The latest round of nuclear talks between Iran and the P5+1 (the five permanent Security Council members and Germany) held on Friday and Saturday in Almaty promised much. Iran’s chief nuclear negotiator, Saeed Jalili, had described the previous meeting (in February) as a ‘turning point’ and the foreign minister, Ali Akbar Salehi, had said negotiations were ‘on the right track and moving in the right direction’. Western diplomats, too, had expressed quiet confidence.
Which was perhaps foolish. We have been here many, many times during the eleven years that this saga has rumbled on, and, sure enough, the latest round of talks broke down with each side blaming the other for the lack of progress. No common ground was reached; there wasn’t even an agreement to meet again for more talks. More »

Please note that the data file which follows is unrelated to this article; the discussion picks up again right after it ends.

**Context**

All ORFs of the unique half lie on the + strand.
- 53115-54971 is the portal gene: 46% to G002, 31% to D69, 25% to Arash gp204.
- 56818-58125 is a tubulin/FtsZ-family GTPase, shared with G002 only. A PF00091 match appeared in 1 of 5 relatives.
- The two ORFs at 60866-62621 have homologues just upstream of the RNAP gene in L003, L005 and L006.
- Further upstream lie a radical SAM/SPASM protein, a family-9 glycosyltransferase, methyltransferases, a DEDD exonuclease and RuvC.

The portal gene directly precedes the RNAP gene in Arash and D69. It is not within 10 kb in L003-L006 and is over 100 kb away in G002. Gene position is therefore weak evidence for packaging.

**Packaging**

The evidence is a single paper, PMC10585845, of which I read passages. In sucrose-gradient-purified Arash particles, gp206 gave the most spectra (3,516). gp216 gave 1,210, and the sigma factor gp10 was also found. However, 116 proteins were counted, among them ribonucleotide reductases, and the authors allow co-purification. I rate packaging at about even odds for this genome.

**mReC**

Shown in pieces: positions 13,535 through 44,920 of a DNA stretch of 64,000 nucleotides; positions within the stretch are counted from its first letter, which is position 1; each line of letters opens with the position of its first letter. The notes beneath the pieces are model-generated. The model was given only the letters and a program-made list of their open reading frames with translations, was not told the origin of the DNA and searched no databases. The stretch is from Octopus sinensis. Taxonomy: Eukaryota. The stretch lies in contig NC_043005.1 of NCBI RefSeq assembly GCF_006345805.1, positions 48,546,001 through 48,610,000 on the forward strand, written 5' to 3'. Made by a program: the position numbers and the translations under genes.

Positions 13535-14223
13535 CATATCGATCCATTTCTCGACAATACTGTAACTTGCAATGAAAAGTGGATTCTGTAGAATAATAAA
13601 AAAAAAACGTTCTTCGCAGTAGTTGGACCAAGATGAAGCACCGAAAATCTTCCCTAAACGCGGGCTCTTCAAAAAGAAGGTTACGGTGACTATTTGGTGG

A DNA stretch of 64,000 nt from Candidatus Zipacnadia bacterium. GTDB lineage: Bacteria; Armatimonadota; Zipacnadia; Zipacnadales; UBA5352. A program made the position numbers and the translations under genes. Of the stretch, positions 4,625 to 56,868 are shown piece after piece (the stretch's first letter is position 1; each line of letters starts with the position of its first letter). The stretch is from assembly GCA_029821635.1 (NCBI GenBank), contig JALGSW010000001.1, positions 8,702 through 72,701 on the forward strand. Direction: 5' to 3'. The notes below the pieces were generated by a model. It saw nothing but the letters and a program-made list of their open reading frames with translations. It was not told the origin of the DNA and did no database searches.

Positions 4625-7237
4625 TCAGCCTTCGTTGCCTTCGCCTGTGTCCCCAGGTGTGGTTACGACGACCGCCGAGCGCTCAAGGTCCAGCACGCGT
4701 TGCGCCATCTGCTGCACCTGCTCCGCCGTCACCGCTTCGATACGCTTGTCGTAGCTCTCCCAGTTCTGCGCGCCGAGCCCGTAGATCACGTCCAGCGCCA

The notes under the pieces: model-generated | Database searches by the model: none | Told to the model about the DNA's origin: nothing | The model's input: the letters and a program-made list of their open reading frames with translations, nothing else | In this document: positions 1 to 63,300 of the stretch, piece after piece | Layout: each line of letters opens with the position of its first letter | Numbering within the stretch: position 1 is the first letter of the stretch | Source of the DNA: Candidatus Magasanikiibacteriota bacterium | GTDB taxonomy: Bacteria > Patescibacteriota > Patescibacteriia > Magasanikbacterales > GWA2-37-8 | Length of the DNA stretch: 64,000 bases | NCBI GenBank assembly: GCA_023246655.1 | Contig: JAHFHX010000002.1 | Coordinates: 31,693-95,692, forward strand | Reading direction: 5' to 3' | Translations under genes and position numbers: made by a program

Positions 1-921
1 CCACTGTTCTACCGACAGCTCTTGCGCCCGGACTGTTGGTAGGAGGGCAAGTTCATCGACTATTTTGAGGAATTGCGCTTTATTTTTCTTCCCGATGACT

There are a few hundred outsourced workers at Senate House and other University of London buildings in Bloomsbury, including the intercollegiate student halls. Most of the caterers are employed by Aramark; the cleaners, security guards and maintenance by Balfour Beatty Workplace, the services arm of the construction giant. Most are immigrants; from Asia, Africa, Eastern Europe and, overwhelmingly in the case of the cleaners, Latin America. More »
Margaret Thatcher once said that her greatest political achievement was New Labour. Tony Blair said today she was a ‘towering figure’, ‘genuine leader’ and ‘generous-spirited’ person who was ‘rightly admired’ and will be ‘sadly missed’; and though they disagreed on ‘certain issues’ he thought his ‘job was to build on some of the things she had done rather than reverse them’. Twenty-five years ago he wrote in the LRB: